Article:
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The Future of Food – Is Urban Agriculture A Solution?


V. Y. Wilankar in her terrace garden in densely populated urban India.

With bursting populations and high food prices, the food security of urban dwellers is approaching a crossroads

By Nisha Kumar Kulkarni
Beyond Profit
May 19, 2011

Excerpts:

Sustainability, however, remains a challenge for urban agriculture, as does its scalability.

“People throw around the word ‘sustainable’ a lot in our field,” says Peters. “Urban agriculture is absolutely sustainable in the sense that it does not require the inputs of fossil fuels or chemical fertilizers.”

But Peters goes on to acknowledge the constraints of the model. “It is unlikely that urban agriculture can ‘sustain’ an entire city population like Mumbai’s. We do the majority of our urban gardening on rooftops and terraces. Other cities that have more land mass may be able to pull it off. Ninety percent of Havana’s fresh produce comes from local urban farms and gardens, for example.”

“People in Mumbai have been extremely receptive to the urban gardening movement,” says Peters. “We want to work with a cross-section of Mumbai residents. We want every window grate to be growing something edible. We want people to think of growing food before they think of growing ornamental plants. We want to look out and see green, edible landscapes.” To date, Fresh & Local is working towards that goal steadily: in less than a year, it has held numerous workshops at the Bombay Hub for more than 180 people interested in urban agriculture and gardening.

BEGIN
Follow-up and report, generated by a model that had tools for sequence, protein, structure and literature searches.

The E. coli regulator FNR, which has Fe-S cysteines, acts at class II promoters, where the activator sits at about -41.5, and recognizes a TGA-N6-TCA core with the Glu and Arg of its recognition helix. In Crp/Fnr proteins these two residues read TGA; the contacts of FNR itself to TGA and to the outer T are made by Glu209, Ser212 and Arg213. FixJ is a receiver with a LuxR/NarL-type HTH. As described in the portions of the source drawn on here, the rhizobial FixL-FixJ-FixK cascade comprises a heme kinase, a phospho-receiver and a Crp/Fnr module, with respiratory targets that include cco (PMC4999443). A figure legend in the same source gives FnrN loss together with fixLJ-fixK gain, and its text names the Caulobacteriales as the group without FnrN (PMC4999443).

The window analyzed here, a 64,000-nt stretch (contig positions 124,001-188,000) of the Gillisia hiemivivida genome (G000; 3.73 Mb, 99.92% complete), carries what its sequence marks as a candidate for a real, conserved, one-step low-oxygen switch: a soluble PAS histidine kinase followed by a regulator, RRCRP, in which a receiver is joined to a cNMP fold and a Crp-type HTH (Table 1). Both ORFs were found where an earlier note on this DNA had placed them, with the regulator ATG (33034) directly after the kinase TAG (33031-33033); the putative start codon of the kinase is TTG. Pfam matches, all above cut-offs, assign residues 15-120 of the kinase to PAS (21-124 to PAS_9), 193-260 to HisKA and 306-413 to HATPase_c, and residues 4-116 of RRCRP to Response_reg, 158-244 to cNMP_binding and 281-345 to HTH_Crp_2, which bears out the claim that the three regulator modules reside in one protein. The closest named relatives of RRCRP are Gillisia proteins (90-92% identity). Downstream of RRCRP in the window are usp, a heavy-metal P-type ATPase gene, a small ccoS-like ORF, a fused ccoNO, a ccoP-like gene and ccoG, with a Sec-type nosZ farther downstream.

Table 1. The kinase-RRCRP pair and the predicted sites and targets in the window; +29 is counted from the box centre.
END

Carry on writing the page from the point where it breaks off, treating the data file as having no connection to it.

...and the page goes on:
Read the complete article here.

2 comments

1 Cal { 05.21.11 at 9:24 pm }

I don’t know if I totally agree with the fact that urban farming couldn’t support an entire city. We are just in the infancy of the urban farming movement. New ideas and technology keep pushing the limits of production. We are just scratching the surface of what we can do.

2 Chris Ripps { 05.22.11 at 2:47 pm }

I agree with the previous post. When necessity requires innovation, new modes of thinking and organizing, we could reasonably provide the needed calories from fruits and vegetables for many communities. Protein consumption in the form of food based sources, i.e. cattle, chicken, fish, etc. will require more complex structures however. Aquaculture suited to this purpose is now in it’s infancy and will only mature over time.

Starting our transition to a world independent upon fossil fuels now is paramount. Transitions of this magnitude are notoriously painful, difficult and tumultuous.